PRESCOTT - A hard line on illegal immigration, support for more energy development and calls to scrap the U.S. Environmental Protection Agency emerged as views Republican candidates for U.S. Senate aired Friday at a GOP forum.
Wil Cardon of Mesa, Bryan Hackbarth of Youngtown and Clair Van Steenwyk of Buckeye took a tough stand on illegal immigration during the hourlong forum at Las Fuentes. A capacity crowd of about 135 people attended the forum, which Jan Hilton, GOP precinct captain for Las Fuentes, sponsored and Yavapai County Republican Chairman Mal Barrett Jr. moderated.
"No to amnesty and no the DREAM Act," said Hackbarth, who married a Mexican national who became a U.S. citizen. The DREAM Act would provide permanent residency for illegal immigrants who arrived with their parents as children and graduated from high school.
Cardon, a businessman, called for stationing troops on the border, building a fence there and giving local law enforcement agencies the tools to deal with illegal immigration.
All four candidates expressed support for more energy development, with Hackbarth going a step further by calling for shutting down the EPA and turning over the responsibilities of the EPA and U.S. Department of Education to the states. He is the former mayor of Youngtown.
By contrast, U.S. Rep. Jeff Flake of Mesa took a softer stand on both illegal immigration and environmental protection. He said youths who came to this country as minors should not be punished for the actions of their parents. However, he also said he opposed President Barack Obama's decision to allow some undocumented Americans to stay in this country, saying Obama should have consulted Congress first.
Flake also took a softer line on the environment, saying, "We are concerned about the environment. We've got to realize that the best thing about the environment is prosperity.
Flake, Cardon, Hackbarth and Van Steenwyk are vying in the Aug. 28 primary to replace Republican Sen. Jon Kyl, who is retiring after three six-year terms in the Senate. Whoever wins the primary faces Democrat Richard Carmona, the former surgeon general, during the general election Nov. 6.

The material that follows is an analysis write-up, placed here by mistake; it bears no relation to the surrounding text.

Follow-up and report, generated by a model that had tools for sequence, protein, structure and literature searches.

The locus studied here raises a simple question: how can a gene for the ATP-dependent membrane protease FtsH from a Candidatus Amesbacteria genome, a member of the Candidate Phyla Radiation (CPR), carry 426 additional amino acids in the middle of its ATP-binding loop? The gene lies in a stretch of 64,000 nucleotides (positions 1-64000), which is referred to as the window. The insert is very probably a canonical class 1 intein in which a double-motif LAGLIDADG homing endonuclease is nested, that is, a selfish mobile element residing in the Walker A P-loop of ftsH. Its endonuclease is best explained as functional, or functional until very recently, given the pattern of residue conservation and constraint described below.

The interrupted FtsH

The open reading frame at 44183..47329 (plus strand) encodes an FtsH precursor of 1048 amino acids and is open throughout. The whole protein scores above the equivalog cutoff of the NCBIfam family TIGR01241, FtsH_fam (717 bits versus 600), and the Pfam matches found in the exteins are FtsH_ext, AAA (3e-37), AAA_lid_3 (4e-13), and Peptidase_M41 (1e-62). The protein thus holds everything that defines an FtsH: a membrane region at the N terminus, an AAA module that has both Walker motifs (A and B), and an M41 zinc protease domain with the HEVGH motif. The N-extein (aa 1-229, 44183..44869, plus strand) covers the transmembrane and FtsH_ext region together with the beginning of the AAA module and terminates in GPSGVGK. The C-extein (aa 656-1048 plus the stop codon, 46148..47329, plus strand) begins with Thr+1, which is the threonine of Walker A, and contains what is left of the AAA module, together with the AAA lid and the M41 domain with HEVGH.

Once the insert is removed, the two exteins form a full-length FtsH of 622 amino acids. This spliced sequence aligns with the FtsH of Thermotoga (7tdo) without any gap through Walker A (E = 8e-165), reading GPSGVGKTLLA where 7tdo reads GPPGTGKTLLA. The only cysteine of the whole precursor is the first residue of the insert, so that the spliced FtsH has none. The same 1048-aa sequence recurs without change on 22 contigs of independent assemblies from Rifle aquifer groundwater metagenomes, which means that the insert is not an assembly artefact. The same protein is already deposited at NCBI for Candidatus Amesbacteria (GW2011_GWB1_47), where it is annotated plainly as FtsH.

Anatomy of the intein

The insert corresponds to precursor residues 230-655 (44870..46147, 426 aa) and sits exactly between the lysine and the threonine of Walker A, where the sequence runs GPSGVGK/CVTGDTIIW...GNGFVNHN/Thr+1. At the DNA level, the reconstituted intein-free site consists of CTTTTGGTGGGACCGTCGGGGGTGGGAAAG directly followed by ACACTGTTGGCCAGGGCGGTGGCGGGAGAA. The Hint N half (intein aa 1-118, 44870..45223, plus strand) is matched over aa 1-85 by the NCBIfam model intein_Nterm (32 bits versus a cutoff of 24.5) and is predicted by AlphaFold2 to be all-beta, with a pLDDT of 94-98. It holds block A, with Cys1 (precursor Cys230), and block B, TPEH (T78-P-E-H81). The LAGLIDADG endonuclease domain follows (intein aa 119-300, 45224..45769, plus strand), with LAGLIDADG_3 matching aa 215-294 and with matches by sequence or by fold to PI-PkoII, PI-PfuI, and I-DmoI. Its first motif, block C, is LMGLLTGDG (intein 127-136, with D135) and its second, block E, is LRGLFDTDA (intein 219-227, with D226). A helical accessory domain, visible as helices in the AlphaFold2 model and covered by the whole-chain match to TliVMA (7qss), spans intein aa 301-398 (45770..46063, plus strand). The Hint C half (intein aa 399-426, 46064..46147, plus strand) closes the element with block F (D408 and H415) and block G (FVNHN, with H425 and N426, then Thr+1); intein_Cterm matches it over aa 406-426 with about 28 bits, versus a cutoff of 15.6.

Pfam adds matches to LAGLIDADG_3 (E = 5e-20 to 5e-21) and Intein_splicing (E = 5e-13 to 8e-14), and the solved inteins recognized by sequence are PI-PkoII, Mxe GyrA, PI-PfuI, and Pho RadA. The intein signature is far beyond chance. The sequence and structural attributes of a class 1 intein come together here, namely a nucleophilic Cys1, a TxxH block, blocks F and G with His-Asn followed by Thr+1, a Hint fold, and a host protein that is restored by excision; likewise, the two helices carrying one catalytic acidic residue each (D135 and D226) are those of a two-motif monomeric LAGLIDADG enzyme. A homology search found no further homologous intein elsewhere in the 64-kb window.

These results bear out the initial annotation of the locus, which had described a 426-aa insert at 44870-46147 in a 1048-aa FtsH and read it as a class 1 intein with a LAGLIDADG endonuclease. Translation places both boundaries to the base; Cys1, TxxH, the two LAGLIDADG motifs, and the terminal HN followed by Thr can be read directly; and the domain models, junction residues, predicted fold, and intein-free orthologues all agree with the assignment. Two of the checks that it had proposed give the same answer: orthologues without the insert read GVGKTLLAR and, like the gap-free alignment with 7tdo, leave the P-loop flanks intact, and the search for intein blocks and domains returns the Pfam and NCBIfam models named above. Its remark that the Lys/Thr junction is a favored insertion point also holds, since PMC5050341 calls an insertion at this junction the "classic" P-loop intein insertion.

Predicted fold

The candidates' positions on the issues were part of the themes that they expressed at the forum. They gave opening and closing statements, and answered three questions from the audience.
Cardon, Hackbarth and Van Steenwyk positioned themselves to the right of libertarian-leaning Flake.
Cardon took a jab at Flake by indicating the Senate needs someone who has worked in the private sector.
"Don't send people (to Congress) who have never held a job in the private sector," Cardon told the crowd.
Flake, who was elected to the House of Representatives in 2000, cited his top ranking for eight years of 535 members of Congress from the National Taxpayers Union. He also earned the endorsements of Arizona's senators, Kyl and John McCain.
Flake's insider status and support from the Republican Party establishment drew criticism during the forum from the other candidates.
Cardon said he does not seek endorsements from long-term politicians.
Van Steenwyk, a political talk show host from Buckeye, said, "I have never been a RHINO (Republican in Name Only) or a progressive Republican."
He continued, "I have no respect for Mr. McCain and Mr. Kyl. I have never voted for them."
Van Steenwyk and Hackbarth also spoke about their Christian belief systems. Van Steenwyk, who placed a Bible on his campaign table at the forum, called for restoring a "constitutional Republic."
Hackbarth said he will adhere to the Constitution and Holy Bible.
Contacted after the forum, Roger French, a retired high school teacher and track coach who lives in Prescott, said, "I'm confused because they are all good (candidates)."
A self-styled "tea party" Republican, French said all four candidates would be "satisfactory to me."
Prescott homeowner Linda Wilhelmsen said she supports Van Steenwyk based on his presentation.
"He's a constitutionalist who wants to return our country to the values set forth by our Founding Fathers," Wilhelmsen said.